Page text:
All of that began to change in 1987. That was the year Florida passed its visionary right-to-carry legislation, under which applicants who met an objective set of criteria could obtain a license to carry a concealed handgun in public for self-defense. This was the culmination of a decade’s worth of effort by NRA’s Florida lobbyist and past president Marion Hammer. Similar bills were subsequently introduced in dozens of states, with 21 states enacting them during the next decade. By 2013, the laws of 42 states recognized a legal right to carry concealed handguns in public for self-defense, mostly through “shall-issue” licensing of applicants who could meet objective criteria defined by statutes.
America’s right-to-carry experience made it clear that the public had nothing to fear from law-abiding people carrying concealed firearms. Violent crime rates fluctuate, but research has shown that licensed concealed carriers are among the most law-abiding Americans. Violent crime peaked in 1991, after which 26 states adopted shall-issue concealed carry laws. By 2012, the nation’s total violent crime rate had decreased 42% to a 42-year low. It’s true that in the last few years, violent crime has been on an upswing, but those years have featured the havoc wreaked by COVID-19, calls by left-leaning activists to defund the police and “criminal-justice reform” that in practice has meant turning a blind eye toward crime.
Throughout it all, law-abiding Americans have been acquiring and carrying firearms in record numbers. They know predatory criminals aren’t waiting for official permission to carry guns. And they also know that lawful concealed carriers have successfully defended themselves and their communities from violent attack. By 2021, Gallup polling showed support for a handgun ban had dropped to an all-time low of 19%.
So successful has been America’s experience with lawful concealed carry that states began dispensing with the formality of mandatory permits in the early 2000s. Vermont, known for its low rates of violent crime, has recognized the right of persons not otherwise prohibited from firearm possession to carry a concealed handgun without a permit for more than a century. Alaska followed suit in 2003. Arizona then kicked off the modern wave of permitless-carry jurisdictions by changing its laws in 2010. Wyoming passed the policy in 2011. Since then, one state after another has moved toward recognizing the right to carry a concealed handgun without prior authorization. Fittingly, Florida this year became the 26th state to adopt permitless carry for concealed handguns, enshrining that policy as the majority rule among U.S. states. Since then, Nebraska passed its own law to solidify this majority at 27 and counting.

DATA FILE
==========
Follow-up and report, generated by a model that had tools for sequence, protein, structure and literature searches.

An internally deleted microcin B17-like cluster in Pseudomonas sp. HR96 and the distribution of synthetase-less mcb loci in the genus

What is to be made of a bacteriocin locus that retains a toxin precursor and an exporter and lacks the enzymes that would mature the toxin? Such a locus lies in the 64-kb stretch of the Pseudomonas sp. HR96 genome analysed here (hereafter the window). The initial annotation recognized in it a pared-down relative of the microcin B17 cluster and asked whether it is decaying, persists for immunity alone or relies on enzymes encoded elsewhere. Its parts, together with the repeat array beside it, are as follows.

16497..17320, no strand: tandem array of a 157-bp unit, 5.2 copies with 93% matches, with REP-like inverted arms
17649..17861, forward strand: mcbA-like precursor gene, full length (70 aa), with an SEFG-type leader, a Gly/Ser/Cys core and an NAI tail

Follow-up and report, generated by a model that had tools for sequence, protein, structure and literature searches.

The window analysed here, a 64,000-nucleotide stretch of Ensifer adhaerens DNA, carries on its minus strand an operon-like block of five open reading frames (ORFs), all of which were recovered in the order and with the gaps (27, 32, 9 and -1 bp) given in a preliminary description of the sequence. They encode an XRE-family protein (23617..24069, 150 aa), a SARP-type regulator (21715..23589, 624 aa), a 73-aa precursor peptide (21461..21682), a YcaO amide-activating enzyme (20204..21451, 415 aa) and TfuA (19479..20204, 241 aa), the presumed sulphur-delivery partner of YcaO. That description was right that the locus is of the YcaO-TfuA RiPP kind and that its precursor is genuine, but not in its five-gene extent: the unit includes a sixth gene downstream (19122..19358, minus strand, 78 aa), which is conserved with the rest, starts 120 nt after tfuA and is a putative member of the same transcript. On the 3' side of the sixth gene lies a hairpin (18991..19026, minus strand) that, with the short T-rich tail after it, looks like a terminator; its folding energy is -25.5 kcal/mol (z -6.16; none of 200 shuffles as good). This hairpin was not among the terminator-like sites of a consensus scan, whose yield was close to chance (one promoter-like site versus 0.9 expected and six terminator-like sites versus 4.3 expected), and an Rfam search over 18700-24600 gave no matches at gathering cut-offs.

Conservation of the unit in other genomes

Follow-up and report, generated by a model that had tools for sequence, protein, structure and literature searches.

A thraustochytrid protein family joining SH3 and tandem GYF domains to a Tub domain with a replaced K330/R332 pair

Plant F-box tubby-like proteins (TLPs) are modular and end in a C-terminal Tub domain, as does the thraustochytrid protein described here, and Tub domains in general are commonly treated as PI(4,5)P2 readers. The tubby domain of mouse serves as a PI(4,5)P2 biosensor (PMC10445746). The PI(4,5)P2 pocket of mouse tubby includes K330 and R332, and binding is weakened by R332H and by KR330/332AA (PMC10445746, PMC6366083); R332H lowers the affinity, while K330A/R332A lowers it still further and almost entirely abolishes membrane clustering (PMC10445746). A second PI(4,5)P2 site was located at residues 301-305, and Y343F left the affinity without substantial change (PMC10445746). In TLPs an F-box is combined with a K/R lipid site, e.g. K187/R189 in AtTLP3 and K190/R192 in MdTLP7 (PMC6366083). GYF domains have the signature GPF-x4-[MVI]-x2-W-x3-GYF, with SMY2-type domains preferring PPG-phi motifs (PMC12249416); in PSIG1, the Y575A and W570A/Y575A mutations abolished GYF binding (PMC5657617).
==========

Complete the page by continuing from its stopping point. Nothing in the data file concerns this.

Along the way, the U.S. Supreme Court has authoritatively enshrined the Second Amendment right of Americans to own handguns for self-defense, defeating D.C.’s and Chicago’s bans in the cases of District of Columbia v. Heller (2008) and McDonald v. Chicago (2010). Last year, the high court ruled that states and localities may not discretionarily withhold the right to carry handguns in public for self-defense to otherwise-qualified individuals in the NRA-supported case of New York State Rifle and Pistol Association v. Bruen. That case also clarified the standard of review for Second Amendment challenges, explaining that if the government cannot point to a “relevantly similar” historical precedent for a firearm regulation or prohibition dating to the founding era, that law cannot stand under the Second Amendment.
Pro-freedom members of Congress have taken notice of these trends and responded with their own attempts to facilitate the nationwide exercise of right to carry. Since 1995, congressional reciprocity legislation has sought to make interstate recognition of right-to-carry credentials and eligibility the national rule. That effort remains ongoing, but in the meantime, 20 states have stepped up to pass universal-recognition laws of their own.
To be sure, the fringe states that have refused to recognize the right to carry—California, Delaware, Hawaii, Maryland, Massachusetts, New Jersey and New York—remain dogmatically opposed and will resist at every turn until forced to comply. New York and New Jersey, for example, responded to the Bruen ruling by quickly passing legislation to make their concealed-carry licensing regimes even more restrictive.
The NRA, however, is in this fight to win. The days of these desperate holdout attempts are numbered. History is on the side of freedom.